I The Construction, and Other General Results.- 1. Markov Processes and Their Semigroups.- 2. Semigroups and Their Generators.- 3. The Construction of Generators for Particle Systems.- 4. Applications of the Construction.- 5. The Martingale Problem.- 6. The Martingale Problem for Particle Systems.- 7. Examples.- 8. Notes and References.- 9. Open Problems.- II Some Basic Tools.- 1. Coupling.- 2. Monotonicity and Positive Correlations.- 3. Duality.- 4. Relative Entropy.- 5. Reversibility.- 6. Recurrence and Transience of Reversible Markov Chains.- 7. Superpositions of Commuting Markov Chains.- 8. Perturbations of Random Walks.- 9. Notes and References.- III Spin Systems.- 1. Couplings for Spin Systems.- 2. Attractive Spin Systems.- 3. Attractive Nearest-Neighbor Spin Systems on Z1.- 4. Duality for Spin Systems.- 5. Applications of Duality.- 6. Additive Spin Systems and the Graphical Representation.- 7. Notes and References.- 8. Open Problems.- IV Stochastic Ising Models.- 1. Gibbs States.- 2. Reversibility of Stochastic Ising Models.- 3. Phase Transition.- 4. L2 Theory.- 5. Characterization of Invariant Measures.- 6. Notes and References.- 7. Open Problems.- V The Voter Model.- 1. Ergodic Theorems.- 2. Properties of the Invariant Measures.- 3. Clustering in One Dimension.- 4. The Finite System.- 5. Notes and References.- VI The Contact Process.- 1. The Critical Value.- 2. Convergence Theorems.- 3. Rates of Convergence.- 4. Higher Dimensions.- 5. Notes and References.- 6. Open Problems.- VII Nearest-Particle Systems.- 1. Reversible Finite Systems.- 2. General Finite Systems.- 3. Construction of Infinite Systems.- 4. Reversible Infinite Systems.- 5. General Infinite Systems.- 6. Notes and References.- 7. Open Problems.- VIII The Exclusion Process.- 1. Ergodic Theorems for Symmetric Systems.- 2. Coupling and Invariant Measures for General Systems.- 3. Ergodic Theorems for Translation Invariant Systems.- 4. The Tagged Particle Process.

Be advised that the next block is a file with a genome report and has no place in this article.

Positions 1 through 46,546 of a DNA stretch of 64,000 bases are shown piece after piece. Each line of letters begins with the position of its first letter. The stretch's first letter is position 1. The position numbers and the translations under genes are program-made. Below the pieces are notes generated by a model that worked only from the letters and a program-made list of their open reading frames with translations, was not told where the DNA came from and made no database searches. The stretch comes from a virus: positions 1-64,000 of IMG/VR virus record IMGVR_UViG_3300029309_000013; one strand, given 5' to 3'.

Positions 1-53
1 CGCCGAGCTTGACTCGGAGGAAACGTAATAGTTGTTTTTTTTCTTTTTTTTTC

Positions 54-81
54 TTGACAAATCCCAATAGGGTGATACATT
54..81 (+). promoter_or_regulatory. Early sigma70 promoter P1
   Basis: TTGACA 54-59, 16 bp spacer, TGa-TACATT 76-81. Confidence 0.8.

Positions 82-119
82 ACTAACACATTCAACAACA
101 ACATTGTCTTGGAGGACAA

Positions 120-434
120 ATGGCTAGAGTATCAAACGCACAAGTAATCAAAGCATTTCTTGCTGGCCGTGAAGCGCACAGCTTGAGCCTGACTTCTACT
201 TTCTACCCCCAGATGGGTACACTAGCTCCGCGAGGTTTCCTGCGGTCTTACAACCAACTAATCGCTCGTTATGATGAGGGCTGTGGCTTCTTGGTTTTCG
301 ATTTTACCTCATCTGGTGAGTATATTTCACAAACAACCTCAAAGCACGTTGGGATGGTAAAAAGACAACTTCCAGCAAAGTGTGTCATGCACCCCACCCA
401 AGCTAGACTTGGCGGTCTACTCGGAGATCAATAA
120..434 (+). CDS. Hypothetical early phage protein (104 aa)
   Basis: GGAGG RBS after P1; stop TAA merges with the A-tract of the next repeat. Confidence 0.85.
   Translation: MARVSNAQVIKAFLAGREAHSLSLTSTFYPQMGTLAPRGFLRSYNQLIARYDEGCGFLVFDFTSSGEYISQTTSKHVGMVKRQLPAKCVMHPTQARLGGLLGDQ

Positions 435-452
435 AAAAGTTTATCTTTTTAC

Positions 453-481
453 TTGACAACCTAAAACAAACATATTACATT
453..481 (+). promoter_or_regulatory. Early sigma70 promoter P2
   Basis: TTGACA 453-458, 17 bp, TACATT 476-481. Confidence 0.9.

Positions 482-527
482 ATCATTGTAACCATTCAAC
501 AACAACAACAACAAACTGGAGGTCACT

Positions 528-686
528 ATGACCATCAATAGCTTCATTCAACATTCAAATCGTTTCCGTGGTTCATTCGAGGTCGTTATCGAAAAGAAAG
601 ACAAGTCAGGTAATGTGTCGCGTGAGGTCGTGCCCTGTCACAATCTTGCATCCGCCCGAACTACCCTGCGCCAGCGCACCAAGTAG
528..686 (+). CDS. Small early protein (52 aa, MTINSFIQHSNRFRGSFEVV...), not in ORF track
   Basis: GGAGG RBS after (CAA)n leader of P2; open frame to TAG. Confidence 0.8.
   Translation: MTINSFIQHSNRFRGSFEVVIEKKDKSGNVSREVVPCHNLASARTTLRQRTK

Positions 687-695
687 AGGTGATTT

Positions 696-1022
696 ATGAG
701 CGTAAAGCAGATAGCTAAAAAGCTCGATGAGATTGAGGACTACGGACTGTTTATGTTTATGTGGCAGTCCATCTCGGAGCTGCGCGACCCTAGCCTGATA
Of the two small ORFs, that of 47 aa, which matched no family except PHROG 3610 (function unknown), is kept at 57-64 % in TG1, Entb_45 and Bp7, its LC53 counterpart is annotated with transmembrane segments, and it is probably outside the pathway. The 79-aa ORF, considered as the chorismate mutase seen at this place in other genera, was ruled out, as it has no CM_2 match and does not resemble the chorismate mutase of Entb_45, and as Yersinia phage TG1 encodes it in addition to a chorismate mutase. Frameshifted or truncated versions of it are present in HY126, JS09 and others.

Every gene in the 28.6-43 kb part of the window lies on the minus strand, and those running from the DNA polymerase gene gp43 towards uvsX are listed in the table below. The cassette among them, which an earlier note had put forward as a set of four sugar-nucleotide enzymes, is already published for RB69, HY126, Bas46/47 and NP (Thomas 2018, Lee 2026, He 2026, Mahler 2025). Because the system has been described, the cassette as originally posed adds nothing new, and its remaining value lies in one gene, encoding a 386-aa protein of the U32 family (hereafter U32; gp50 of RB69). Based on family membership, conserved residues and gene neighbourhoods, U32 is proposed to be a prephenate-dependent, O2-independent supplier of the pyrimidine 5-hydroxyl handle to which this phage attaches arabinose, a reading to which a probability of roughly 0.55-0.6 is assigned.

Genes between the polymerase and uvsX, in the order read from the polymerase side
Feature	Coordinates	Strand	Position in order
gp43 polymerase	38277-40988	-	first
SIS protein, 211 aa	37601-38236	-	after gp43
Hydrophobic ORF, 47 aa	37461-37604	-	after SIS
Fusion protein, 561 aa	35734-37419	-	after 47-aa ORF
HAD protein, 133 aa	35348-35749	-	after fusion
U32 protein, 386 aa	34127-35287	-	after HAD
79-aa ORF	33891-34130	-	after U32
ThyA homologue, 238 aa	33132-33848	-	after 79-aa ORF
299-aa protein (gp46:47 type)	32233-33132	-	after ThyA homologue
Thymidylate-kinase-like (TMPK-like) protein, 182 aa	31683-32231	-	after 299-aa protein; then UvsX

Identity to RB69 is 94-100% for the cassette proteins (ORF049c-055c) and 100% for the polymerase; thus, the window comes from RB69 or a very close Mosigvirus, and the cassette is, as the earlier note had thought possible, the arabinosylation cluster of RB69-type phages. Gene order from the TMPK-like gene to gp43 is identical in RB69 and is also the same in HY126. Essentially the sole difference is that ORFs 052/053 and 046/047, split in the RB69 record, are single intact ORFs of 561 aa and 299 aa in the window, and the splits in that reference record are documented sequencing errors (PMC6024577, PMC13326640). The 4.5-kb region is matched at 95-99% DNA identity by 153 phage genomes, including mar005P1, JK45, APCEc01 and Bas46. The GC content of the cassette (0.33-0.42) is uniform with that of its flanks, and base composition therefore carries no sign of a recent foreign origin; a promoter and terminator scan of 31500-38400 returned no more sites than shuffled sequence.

At what point in the development of a new field should a book be written about it? This question is seldom easy to answer. In the case of interacting particle systems, important progress continues to be made at a substantial pace. A number of problems which are nearly as old as the subject itself remain open, and new problem areas continue to arise and develop. Thus one might argue that the time is not yet ripe for a book on this subject. On the other hand, this field is now about fifteen years old. Many important of several basic models is problems have been solved and the analysis almost complete. The papers written on this subject number in the hundreds. It has become increasingly difficult for newcomers to master the proliferating literature, and for workers in allied areas to make effective use of it. Thus I have concluded that this is an appropriate time to pause and take stock of the progress made to date. It is my hope that this book will not only provide a useful account of much of this progress, but that it will also help stimulate the future vigorous development of this field.
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